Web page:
JACK SPENCER: Obamacare — selling to the uninformed

The more one knows about a particular topic, the less likely they’ll be to believe false claims about it.

A customer who understands automobile engines isn’t apt to fall for a line of fast-talking babble such as: “We’ll just replace the doohickey sensor and convert the flapwinkle rods. All we need is your written approval — sign here.”

But if a customer knows next to nothing about automobiles, they are vulnerable. Due to their lack of knowledge; they won’t even know what questions should be asked.

Most people only have time to become expert in a handful of topics. Exactly how everything else they use works is pretty much a mystery.

Politicians like to portray themselves as either being experts or having intimate access to experts about almost everything. Actually, they are rarely experts and the experts to whom they have access promote a specific policy position. Often this is a theoretical position rather than a practical one.

Ultimately, the selling of the policy position becomes the first priority. If the policy position turns out to be lousy – well, they’ll deal with that little problem later.

Now that we’re beginning to experience Obamacare, it’s a good time to do an honest assessment of our nation’s former health care system. Yes, it had problems, and the most often complained about was the cost.

Most people are already figuring out that the costs of the old system couldn’t be any greater than the costs of Obamacare. Rationing of access to health care should be included among these costs. Obamacare can’t and won’t lower the overall cost of health care. It just changes how the costs are presented and usurps individual decision-making.

In reality, the old system’s biggest drawback wasn’t cost, it was complexity. The vast majority of Americans simply didn’t understand the system. And, let’s face it; those who worked in the system did little to help them understand it.

Possibly the best example of this is miracle drugs, which comprise the most promising and increasingly expensive aspect of modern health care. Miracle drugs are the life-savers. Many that go on the market are important advances in medical treatment.

People want these drugs and doctors prescribe them because they work. But often the chief reaction from the patients is — “Wow; that costs too much.”

No one likes paying a lot for medicine. Yet, understanding why the price is high usually helps mitigate the complaining. There is a reason why new miracle drugs are so expensive. A lot of people know part of the reason, but it’s probable that few know the full story.

It costs a pharmaceutical company about $1.7 billion and takes seven to 10 years to get a new drug researched, tested and passed through all of the regulatory hoops to put it on the market. However, just because the company spends a billion dollars doesn’t mean a new drug will pass all the tests. If the drug turns out to be a failure, the company simply absorbs these costs. Even when they do get on the market, only three out of 20 approved drugs bring in sufficient revenue to cover the cost of developing them.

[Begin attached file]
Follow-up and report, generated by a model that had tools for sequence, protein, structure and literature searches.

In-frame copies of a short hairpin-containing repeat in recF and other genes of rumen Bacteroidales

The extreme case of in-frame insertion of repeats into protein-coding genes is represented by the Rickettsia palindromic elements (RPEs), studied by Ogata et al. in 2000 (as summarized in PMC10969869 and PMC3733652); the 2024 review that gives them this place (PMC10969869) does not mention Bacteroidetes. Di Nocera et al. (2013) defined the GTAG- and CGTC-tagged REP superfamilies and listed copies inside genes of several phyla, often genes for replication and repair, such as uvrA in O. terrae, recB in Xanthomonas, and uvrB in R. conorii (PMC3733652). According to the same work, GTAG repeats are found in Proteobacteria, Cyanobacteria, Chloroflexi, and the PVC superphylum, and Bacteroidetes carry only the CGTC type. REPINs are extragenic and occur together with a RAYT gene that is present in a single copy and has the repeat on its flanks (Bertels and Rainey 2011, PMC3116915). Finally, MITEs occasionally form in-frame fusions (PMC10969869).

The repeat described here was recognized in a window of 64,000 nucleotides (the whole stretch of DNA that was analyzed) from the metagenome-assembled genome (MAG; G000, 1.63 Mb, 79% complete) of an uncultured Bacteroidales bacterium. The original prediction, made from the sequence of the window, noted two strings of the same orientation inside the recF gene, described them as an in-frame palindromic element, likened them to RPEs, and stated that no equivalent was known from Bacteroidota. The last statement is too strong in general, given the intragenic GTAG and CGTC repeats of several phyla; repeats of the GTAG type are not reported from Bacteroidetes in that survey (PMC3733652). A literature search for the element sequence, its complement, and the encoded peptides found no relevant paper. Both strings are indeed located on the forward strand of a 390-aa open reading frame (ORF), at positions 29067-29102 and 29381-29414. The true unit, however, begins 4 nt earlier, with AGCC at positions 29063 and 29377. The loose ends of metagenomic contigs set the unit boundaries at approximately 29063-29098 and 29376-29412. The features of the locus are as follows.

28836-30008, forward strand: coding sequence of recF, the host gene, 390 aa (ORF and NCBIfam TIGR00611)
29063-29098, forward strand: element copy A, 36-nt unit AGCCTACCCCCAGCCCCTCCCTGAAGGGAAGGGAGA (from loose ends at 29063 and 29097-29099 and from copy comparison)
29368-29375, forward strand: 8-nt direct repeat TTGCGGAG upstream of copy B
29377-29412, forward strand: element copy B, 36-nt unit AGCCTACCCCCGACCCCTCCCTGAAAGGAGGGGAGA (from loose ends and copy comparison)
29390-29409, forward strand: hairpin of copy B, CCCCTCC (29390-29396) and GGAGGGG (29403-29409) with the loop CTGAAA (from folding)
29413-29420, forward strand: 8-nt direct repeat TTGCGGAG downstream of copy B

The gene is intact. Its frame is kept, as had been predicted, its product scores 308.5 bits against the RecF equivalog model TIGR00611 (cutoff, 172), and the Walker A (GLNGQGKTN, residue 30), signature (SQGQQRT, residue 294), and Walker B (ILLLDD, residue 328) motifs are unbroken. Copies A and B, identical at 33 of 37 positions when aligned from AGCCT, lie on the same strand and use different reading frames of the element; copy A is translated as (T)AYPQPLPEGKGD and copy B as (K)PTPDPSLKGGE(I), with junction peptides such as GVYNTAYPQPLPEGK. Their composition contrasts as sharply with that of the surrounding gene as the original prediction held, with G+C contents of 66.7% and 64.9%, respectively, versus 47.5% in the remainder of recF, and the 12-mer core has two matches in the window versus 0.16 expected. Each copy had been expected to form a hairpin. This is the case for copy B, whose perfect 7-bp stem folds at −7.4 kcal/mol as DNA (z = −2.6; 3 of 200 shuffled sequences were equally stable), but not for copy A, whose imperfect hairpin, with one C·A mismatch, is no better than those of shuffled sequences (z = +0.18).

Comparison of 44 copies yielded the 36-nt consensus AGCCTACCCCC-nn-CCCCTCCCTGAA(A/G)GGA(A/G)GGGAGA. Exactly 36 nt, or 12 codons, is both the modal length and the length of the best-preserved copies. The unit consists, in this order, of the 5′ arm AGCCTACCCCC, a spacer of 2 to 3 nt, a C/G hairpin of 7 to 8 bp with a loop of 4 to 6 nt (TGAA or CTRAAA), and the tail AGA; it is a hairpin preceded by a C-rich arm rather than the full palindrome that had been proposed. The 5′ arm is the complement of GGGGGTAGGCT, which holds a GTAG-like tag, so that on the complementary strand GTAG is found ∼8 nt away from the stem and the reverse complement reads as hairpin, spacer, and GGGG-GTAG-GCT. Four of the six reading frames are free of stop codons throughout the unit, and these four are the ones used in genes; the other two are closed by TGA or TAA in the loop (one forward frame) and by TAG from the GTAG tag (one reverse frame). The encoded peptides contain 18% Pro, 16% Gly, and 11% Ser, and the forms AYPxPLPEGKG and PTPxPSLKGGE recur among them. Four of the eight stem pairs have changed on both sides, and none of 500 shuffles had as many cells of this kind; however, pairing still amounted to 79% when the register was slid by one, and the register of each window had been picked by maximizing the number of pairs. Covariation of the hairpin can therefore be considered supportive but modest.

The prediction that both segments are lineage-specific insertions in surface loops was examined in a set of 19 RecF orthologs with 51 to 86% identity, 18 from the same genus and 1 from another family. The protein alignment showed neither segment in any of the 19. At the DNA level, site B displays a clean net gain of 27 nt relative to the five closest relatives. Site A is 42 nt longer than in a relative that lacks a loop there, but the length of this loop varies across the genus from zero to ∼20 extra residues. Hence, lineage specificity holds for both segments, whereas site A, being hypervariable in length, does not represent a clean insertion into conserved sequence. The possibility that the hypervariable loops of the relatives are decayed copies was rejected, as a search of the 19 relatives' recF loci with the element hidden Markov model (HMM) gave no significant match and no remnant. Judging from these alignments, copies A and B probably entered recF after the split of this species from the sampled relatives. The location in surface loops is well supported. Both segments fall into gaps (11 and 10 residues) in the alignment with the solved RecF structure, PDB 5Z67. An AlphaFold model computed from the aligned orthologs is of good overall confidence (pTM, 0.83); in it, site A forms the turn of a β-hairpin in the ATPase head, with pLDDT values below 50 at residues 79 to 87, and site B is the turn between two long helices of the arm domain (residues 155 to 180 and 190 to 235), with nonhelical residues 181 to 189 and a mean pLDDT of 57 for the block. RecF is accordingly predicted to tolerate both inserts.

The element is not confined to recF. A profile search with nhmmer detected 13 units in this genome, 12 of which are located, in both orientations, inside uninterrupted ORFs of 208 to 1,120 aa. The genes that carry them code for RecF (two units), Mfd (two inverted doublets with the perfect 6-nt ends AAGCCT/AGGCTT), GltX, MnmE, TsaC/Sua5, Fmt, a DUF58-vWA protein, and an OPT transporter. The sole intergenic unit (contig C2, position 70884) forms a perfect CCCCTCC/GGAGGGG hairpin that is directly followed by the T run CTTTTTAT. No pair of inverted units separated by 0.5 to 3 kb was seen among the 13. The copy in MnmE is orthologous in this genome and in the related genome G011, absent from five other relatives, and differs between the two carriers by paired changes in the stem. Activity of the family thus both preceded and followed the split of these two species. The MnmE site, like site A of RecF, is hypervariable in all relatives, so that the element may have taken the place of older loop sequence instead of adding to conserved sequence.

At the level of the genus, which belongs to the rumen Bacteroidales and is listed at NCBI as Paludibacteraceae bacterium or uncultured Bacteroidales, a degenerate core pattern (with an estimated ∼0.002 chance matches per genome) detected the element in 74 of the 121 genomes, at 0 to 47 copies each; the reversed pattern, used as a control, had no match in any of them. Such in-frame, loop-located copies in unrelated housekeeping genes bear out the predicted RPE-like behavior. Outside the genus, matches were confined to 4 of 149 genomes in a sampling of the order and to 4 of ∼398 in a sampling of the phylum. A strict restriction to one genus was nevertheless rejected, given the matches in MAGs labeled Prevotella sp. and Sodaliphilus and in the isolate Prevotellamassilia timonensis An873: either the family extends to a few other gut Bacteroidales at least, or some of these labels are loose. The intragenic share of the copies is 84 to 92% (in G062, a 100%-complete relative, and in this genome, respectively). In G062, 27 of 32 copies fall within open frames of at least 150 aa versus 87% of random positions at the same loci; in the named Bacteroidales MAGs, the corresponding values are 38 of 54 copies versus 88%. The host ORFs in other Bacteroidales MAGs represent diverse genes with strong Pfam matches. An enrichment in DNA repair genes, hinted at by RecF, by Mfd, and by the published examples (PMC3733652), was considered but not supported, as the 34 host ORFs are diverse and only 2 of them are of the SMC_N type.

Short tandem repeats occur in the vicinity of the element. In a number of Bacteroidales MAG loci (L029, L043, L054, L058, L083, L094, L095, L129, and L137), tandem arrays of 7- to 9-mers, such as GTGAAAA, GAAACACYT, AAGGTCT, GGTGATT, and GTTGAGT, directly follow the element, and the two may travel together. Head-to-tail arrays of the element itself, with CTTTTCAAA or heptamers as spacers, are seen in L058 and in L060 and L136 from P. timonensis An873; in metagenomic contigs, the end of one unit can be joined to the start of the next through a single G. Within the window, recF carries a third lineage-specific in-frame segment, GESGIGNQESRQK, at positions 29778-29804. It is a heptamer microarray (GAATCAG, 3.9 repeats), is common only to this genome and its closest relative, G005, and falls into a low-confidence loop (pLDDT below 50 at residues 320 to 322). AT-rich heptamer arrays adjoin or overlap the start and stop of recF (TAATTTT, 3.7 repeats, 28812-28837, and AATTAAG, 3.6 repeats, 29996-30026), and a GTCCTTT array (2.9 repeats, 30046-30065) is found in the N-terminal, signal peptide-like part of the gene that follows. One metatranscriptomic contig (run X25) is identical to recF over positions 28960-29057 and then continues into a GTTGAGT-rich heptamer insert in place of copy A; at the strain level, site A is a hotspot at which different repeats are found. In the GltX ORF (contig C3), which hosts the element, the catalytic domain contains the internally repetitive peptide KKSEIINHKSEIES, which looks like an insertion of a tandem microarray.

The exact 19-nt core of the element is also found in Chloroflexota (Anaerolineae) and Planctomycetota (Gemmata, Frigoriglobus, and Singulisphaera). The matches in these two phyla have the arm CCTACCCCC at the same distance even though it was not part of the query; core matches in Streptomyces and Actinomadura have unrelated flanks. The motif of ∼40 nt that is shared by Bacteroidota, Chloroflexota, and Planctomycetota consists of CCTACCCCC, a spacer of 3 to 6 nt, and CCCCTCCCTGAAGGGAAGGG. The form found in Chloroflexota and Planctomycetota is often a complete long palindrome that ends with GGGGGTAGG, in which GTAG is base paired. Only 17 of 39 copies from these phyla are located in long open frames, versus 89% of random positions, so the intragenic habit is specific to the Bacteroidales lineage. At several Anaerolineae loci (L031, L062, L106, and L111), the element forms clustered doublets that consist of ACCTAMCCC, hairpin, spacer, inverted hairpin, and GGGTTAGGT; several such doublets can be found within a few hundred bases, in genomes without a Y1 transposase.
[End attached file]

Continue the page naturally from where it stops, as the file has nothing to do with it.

Therefore, when a drug with high profit potential is approved, the company not only has to recoup what it cost to test and produce it, the company also needs to make up for the failed and unprofitable products as well. Beyond recovering these costs, the company still has to make a big profit in order to survive in the expensive pharmaceutical field and continue researching and testing newer drugs.

OK, let’s say a drug produced here, in pill form, goes on the market. All someone in Canada, South Korea or Whatchacallitstan has to do is get one pill, take it to a chemist, and then they can reproduce it themselves.

To prevent this from happening, companies make deals with other nations. For a certain period of years, the new drug is sold to the other nations at cost. That kills the incentive for folks in the other countries to reproduce it. These deals protect our medical market.

Get the idea? Patients in the United States, to an extent, end up subsidizing all the other patients in the world. Now if you’re thinking that’s why the same medicine costs less in Canada, or where-ever, than it does in the U.S. — bingo, you’re right.

Obviously, this system would work most equitably if the other nations of the world invented as many miracle drugs as we do. But they don’t. More than half of the money spent on research and development of pharmaceuticals comes from the U.S. The United States has held a dominate position in miracle drug invention for 25 years.

So, what would be a better deal – having access to the miracle drugs of the future or saving prescription dollars because they never get invented? As Obamacare moves forward we might have the chance to find out.

How will Obamacare affect miracle drug invention here and abroad?

That’s the sort of question that never got asked because millions of customers, called “voters,” fell for babble like: “We’ll just replace the doohickey sensor and convert the flapwinkle rods. All we need is your written approval — vote for us.”